But as the United States Court of Appeals for the Ninth Circuit has instructed, courts must "continue to construe pro se filings liberally." Hebbe v. Pliler, 627 F.3d 338, 342 (9th Cir. 2010). A "complaint [filed by a pro se prisoner] must be held to less stringent standards than formal pleadings drafted by lawyers.'" Id. (quoting Erickson v. Pardus, 551 U.S. 89, 94 (2007) ( per curiam )).
If the Court determines that a pleading could be cured by the allegation of other facts, a pro se litigant is entitled to an opportunity to amend a complaint before dismissal of the action. See Lopez v. Smith, 203 F.3d 1122, 1127-29 (9th Cir. 2000) ( en banc ). The Court should not, however, advise the litigant how to cure the defects. This type of advice "would undermine district judges' role as impartial decisionmakers." Pliler v. Ford, 542 U.S. 225, 231 (2004); see also Lopez, 203 F.3d at 1131 n.13 (declining to decide whether the court was required to inform a litigant of deficiencies). The Court will dismiss Plaintiff's First Amended Complaint for failure to state a claim, but because the First Amended Complaint may possibly be saved by amendment, will dismiss the First Amended Complaint with leave to amend.
III. First Amended Complaint
Plaintiff asserts two counts of excessive force and denial of constitutionally adequate medical care. He names as Defendants Maricopa County Sheriff Arpaio and Fourth Avenue Jail Detention Officer Graffious.
In Count I, Plaintiff asserts that he has been diagnosed with bipolar schizophrenia and was being held in the Fourth Avenue Jail in Phoenix, Arizona on July 26, 2013. Around 5:49 p.m. that day, Plaintiff was "absent his prescribed medication, " Risperdal and Valproic Acid, and heard voices. Plaintiff "lost contact with the environment around him causing him fear under dementia." Plaintiff exited the jail cell to get away from the voices, and he alleges that he was "thrown spread eagle to the floor by 4 to 5 [Detention Officers] and was then repeatedly punched in the face by Defendant Graffious until [his] nose fractured." Plaintiff states that he suffers permanent, noticeable damage to his nose, that he cannot breathe through his nose without difficulty, that his senses of smell and taste have been negatively altered, and he suffers headaches because of the incident.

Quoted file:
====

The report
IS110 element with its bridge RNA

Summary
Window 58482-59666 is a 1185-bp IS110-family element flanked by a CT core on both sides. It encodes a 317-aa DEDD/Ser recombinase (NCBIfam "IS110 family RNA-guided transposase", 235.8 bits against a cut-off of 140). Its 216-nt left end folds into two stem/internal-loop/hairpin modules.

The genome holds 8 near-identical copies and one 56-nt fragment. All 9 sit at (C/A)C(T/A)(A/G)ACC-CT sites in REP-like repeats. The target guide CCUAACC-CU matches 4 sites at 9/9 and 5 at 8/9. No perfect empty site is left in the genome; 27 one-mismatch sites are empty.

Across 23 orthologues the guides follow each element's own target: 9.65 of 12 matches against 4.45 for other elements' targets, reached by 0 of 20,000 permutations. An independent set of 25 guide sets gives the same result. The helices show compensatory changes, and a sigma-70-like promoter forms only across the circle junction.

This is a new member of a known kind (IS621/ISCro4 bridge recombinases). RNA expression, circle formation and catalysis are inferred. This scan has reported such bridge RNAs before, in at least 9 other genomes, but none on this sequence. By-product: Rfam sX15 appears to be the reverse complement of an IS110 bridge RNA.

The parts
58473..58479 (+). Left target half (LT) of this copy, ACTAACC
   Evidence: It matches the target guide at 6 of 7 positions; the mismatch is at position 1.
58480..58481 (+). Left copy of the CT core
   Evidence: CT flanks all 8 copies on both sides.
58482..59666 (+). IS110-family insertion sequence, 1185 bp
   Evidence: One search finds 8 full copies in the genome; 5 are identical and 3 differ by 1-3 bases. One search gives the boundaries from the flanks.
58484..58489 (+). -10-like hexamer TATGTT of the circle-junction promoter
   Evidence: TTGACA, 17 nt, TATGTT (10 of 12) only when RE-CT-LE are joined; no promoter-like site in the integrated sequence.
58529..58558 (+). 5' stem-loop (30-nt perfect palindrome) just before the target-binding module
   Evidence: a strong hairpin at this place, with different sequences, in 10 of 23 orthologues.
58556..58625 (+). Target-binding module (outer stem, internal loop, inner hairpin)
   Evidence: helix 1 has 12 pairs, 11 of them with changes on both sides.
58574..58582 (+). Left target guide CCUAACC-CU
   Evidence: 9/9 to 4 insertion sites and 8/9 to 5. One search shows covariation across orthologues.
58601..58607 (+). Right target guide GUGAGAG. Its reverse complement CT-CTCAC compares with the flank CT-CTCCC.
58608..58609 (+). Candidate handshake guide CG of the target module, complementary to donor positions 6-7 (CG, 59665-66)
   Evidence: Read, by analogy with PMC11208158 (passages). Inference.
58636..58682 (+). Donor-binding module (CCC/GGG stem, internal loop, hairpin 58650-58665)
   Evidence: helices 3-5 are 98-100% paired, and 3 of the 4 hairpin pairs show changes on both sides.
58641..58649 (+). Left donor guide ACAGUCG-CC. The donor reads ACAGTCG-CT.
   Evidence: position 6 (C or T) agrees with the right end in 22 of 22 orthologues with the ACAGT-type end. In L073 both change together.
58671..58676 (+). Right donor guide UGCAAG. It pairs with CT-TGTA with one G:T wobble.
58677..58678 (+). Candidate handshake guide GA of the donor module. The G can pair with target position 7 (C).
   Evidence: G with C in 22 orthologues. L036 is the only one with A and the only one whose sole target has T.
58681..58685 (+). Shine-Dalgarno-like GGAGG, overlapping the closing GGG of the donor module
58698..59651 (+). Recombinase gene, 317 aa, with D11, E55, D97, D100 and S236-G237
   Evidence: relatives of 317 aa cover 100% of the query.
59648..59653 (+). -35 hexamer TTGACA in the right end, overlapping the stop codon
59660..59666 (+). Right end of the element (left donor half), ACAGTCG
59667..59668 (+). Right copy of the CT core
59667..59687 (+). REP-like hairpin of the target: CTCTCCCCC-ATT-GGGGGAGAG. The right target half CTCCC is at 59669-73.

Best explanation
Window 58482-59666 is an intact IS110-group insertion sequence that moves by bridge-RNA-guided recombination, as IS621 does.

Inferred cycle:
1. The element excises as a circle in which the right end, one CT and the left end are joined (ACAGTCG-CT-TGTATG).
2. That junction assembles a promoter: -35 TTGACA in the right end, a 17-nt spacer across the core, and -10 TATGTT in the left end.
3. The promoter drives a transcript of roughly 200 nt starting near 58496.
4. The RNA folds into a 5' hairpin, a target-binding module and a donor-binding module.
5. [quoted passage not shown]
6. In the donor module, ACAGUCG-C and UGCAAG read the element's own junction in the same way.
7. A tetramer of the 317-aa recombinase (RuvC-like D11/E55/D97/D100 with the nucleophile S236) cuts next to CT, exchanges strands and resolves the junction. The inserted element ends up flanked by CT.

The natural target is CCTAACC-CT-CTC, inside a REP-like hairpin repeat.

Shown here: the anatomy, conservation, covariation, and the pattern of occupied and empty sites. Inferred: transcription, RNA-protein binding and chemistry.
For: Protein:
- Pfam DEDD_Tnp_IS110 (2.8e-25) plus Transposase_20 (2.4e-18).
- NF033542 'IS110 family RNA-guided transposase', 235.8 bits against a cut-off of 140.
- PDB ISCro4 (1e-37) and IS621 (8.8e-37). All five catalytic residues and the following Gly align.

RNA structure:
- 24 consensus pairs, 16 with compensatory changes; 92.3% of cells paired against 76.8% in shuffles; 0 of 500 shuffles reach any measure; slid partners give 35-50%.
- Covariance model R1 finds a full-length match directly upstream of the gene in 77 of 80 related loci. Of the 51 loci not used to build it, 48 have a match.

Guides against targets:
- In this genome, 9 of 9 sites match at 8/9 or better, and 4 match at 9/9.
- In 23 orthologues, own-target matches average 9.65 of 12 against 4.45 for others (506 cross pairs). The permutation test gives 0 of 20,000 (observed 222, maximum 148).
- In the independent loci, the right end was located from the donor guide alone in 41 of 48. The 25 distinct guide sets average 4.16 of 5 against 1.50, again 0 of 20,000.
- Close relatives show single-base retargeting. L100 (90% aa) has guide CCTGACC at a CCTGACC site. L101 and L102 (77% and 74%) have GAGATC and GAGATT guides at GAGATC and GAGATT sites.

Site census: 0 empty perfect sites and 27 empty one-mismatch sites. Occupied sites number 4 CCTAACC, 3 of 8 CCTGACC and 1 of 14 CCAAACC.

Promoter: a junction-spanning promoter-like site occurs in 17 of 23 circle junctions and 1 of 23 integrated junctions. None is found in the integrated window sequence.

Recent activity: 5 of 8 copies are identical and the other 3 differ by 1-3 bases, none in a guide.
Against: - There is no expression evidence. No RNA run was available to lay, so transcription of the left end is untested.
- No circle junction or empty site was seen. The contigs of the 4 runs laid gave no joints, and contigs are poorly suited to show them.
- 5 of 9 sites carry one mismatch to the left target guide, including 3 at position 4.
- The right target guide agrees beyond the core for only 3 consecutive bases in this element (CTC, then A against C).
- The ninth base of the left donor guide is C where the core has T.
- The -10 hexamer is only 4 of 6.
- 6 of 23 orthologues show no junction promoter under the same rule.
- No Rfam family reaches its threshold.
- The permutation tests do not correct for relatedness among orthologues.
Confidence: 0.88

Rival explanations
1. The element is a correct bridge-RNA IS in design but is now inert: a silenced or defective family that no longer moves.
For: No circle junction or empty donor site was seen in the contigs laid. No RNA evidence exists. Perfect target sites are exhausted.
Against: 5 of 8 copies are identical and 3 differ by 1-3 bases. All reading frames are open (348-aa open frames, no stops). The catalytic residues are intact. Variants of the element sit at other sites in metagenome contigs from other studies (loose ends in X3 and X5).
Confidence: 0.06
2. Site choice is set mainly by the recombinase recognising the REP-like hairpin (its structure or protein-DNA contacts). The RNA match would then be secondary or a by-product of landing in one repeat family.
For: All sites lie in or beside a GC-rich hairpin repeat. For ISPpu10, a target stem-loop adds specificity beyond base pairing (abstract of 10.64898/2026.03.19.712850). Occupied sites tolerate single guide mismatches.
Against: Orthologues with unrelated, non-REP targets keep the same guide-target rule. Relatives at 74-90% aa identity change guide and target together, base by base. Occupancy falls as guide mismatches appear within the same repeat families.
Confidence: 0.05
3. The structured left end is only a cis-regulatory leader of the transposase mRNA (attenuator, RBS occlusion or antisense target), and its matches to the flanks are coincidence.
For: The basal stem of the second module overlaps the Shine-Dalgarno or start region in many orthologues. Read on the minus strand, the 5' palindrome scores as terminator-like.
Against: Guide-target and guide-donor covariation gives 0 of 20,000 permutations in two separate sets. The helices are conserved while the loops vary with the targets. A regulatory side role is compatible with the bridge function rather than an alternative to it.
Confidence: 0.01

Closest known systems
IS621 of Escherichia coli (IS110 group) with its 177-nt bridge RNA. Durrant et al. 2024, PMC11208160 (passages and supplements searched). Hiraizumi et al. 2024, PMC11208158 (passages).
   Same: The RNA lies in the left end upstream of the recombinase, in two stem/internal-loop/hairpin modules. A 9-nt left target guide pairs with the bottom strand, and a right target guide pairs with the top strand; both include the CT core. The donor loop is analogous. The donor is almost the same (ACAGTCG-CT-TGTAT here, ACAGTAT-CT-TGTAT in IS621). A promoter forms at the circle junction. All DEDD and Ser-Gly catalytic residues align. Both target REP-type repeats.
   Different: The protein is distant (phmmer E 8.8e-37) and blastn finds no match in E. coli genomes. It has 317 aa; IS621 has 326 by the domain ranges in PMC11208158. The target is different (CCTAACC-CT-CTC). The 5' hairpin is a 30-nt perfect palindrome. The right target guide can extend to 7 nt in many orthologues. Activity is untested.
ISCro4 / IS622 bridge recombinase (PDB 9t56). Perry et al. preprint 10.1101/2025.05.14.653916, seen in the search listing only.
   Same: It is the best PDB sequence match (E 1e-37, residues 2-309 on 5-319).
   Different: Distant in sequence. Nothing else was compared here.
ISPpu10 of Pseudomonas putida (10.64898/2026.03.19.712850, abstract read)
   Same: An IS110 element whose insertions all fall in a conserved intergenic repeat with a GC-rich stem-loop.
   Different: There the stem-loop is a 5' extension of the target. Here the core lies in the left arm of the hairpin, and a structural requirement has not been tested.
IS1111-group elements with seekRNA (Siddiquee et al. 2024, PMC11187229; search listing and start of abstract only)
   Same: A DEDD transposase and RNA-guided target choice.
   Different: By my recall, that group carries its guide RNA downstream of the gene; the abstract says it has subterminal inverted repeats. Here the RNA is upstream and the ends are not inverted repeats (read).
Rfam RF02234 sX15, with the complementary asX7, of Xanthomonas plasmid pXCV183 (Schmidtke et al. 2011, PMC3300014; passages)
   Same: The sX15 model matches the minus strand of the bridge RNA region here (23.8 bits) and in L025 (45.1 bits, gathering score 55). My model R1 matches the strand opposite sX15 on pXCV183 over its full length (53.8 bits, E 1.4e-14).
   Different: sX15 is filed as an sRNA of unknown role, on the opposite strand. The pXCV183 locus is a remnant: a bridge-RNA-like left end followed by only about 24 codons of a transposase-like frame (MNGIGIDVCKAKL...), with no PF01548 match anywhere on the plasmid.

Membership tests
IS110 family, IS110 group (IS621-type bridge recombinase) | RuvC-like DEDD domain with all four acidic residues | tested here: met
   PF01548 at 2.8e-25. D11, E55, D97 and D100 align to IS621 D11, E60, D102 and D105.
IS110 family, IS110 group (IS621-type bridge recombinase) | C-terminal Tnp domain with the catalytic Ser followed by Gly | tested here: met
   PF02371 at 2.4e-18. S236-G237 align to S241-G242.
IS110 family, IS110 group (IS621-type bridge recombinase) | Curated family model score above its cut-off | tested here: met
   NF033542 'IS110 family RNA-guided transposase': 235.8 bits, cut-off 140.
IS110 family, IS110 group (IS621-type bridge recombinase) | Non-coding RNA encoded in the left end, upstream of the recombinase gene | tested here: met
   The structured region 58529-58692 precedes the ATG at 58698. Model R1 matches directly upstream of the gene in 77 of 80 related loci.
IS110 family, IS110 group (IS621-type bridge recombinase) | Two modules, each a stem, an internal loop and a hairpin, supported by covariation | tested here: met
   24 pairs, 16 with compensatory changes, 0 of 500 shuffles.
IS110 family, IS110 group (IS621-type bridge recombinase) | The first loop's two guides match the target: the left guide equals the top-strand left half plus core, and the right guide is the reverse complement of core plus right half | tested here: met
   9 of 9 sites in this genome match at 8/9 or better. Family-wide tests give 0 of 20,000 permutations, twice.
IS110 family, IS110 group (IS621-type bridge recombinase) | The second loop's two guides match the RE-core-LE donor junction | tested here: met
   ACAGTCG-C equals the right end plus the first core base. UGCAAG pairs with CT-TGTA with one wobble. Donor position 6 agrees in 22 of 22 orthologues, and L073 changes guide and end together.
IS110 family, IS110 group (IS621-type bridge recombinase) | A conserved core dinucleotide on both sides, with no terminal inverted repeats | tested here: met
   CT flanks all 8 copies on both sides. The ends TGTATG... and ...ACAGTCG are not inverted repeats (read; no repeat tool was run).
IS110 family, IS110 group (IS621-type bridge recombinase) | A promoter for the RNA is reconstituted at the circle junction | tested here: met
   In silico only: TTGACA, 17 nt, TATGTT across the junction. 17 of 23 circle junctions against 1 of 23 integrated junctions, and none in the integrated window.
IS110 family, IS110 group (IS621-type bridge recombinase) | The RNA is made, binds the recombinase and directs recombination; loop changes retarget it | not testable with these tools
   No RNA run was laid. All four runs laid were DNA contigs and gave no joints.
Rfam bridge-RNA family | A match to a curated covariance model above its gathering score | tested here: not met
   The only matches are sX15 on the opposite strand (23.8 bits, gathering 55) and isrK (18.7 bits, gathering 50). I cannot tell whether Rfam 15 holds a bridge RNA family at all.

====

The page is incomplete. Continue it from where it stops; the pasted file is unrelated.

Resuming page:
In Count II, Plaintiff states that "immediately after this beating, [he] was taken for x-rays and his nose fracture was confirmed." Plaintiff alleges that his nose "was never fixed by the 4th Avenue Jails medical staff, " resulting in permanent noticeable damage.
Plaintiff seeks compensatory and punitive damages, attorney's fees, and court costs.
IV. Failure to State a Claim
To state a claim under § 1983, a plaintiff must allege facts supporting that (1) the conduct about which he complains was committed by a person acting under the color of state law and (2) deprived him of a federal constitutional or statutory right. Wood v. Ostrander, 879 F.2d 583, 587 (9th Cir. 1989). A plaintiff must also allege that he suffered a specific injury as a result of the conduct of a particular defendant and he must allege an affirmative link between the injury and the conduct of that defendant. Rizzo v. Goode, 423 U.S. 362, 371-72, 377 (1976).